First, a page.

List of nearest galaxies

From Wikipedia, the free encyclopedia
Jump to: navigation, search

This list of the nearest galaxies to Earth is ordered by increasing distance. Many of the distances are only estimates, and some may be incorrect by 50% or more. The distance ranking in this list should be seen only as a guess. Distances are given in light years (ly).

  1. Milky Way – home galaxy of Earth
  2. Canis Major dwarf – 25,000 ly (satellite of Milky Way)
  3. Sag DEG – 81,000 ly (satellite or part of Milky Way)
  4. Large Magellanic Cloud – 160,000 ly (satellite of Milky Way)
  5. Small Magellanic Cloud – 190,000 ly (satellite of Milky Way)
  6. Ursa Minor dwarf – 205,500 ly (satellite of Milky Way)
  7. Draco dwarf – 248,000 ly (satellite of Milky Way)
  8. Sculptor dwarf – 254,000 ly (satellite of Milky Way)
  9. Sextans dwarf – 257,500 ly (satellite of Milky Way)
  10. Carina dwarf – 283,500 ly (satellite of Milky Way)
  11. Fornax dwarf – 427,000 ly (satellite of Milky Way)
  12. Leo II – 701,000 ly
  13. Leo I – 890,000 ly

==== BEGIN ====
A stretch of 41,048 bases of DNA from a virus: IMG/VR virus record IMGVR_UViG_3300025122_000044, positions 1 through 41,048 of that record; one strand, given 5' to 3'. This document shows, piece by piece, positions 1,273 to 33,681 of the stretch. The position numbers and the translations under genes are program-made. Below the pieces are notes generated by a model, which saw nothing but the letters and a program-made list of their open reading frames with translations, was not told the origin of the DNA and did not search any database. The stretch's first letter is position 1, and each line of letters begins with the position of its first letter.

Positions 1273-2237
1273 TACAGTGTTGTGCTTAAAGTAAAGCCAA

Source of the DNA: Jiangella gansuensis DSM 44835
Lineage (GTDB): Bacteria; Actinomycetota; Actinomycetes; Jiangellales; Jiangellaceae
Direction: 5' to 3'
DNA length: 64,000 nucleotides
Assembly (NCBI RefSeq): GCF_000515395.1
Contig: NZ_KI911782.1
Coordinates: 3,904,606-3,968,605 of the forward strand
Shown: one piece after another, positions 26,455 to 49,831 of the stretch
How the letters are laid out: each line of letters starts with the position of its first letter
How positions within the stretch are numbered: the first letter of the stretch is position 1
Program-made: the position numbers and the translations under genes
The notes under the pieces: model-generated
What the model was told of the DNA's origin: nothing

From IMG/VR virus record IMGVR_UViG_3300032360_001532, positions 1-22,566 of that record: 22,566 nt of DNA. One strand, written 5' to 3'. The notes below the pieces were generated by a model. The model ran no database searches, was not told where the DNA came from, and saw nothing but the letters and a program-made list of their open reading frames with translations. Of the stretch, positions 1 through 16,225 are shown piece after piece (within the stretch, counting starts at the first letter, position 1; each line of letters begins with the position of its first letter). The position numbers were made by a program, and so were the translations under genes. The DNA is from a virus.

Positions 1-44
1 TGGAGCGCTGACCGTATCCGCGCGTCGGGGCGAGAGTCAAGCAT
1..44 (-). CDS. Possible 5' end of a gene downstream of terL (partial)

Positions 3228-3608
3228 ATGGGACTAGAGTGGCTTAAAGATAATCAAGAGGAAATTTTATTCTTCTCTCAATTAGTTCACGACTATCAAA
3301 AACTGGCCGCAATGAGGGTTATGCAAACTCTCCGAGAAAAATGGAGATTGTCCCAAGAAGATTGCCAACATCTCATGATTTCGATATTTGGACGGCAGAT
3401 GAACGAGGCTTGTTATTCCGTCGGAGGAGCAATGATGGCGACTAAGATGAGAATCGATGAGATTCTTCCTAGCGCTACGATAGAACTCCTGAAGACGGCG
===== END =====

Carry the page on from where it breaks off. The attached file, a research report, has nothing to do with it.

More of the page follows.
14. Phoenix dwarf – 1,271,000 ly
  15. Barnards galaxy (NGC 6822) – 1,760,000 ly
  16. NGC185 – 2,021,000 ly (satellite of Andromeda)
  17. NGC147 – 2,152,000 ly (satellite of Andromeda)
  18. Andromeda galaxy (M31) – 2,363,000 ly
  19. M32 (NGS 221) – 2,363,500 ly (satellite of Andromeda)
  20. M110 (NGC 205) – 2,363,500 ly (satellite of Andromeda)
  21. Andromeda I – 2,363,500 ly (satellite of Andromeda)
  22. Andromeda II – 2,363,500 ly (satellite of Andromeda)
  23. Andromeda III – 2,363,500 ly (satellite of Andromeda)
  24. LGS 3 – 2,477,500 ly (satellite of Triangulum)
  25. IC 1613 – 2,494,000 ly
  26. Triangulum galaxy (M33) – 2,592,000 ly
  27. Aquarius dwarf – 2,608,000 ly
  28. Tucana dwarf – 2,836,000 ly
  29. Wolf-Lundmark-Melotte (WLM) – 3,064,500 ly

Related pages[change | change source]

References[change | change source]

  1. http://arxiv.org/PS_cache/astro-ph/pdf/0209/0209205v2.pdf
  2. Uson, Juan M. et al (1990). "The central galaxy in Abell 2029 – an old supergiant". Science 250 (4980): 539–540. doi:10.1126/science.250.4980.539.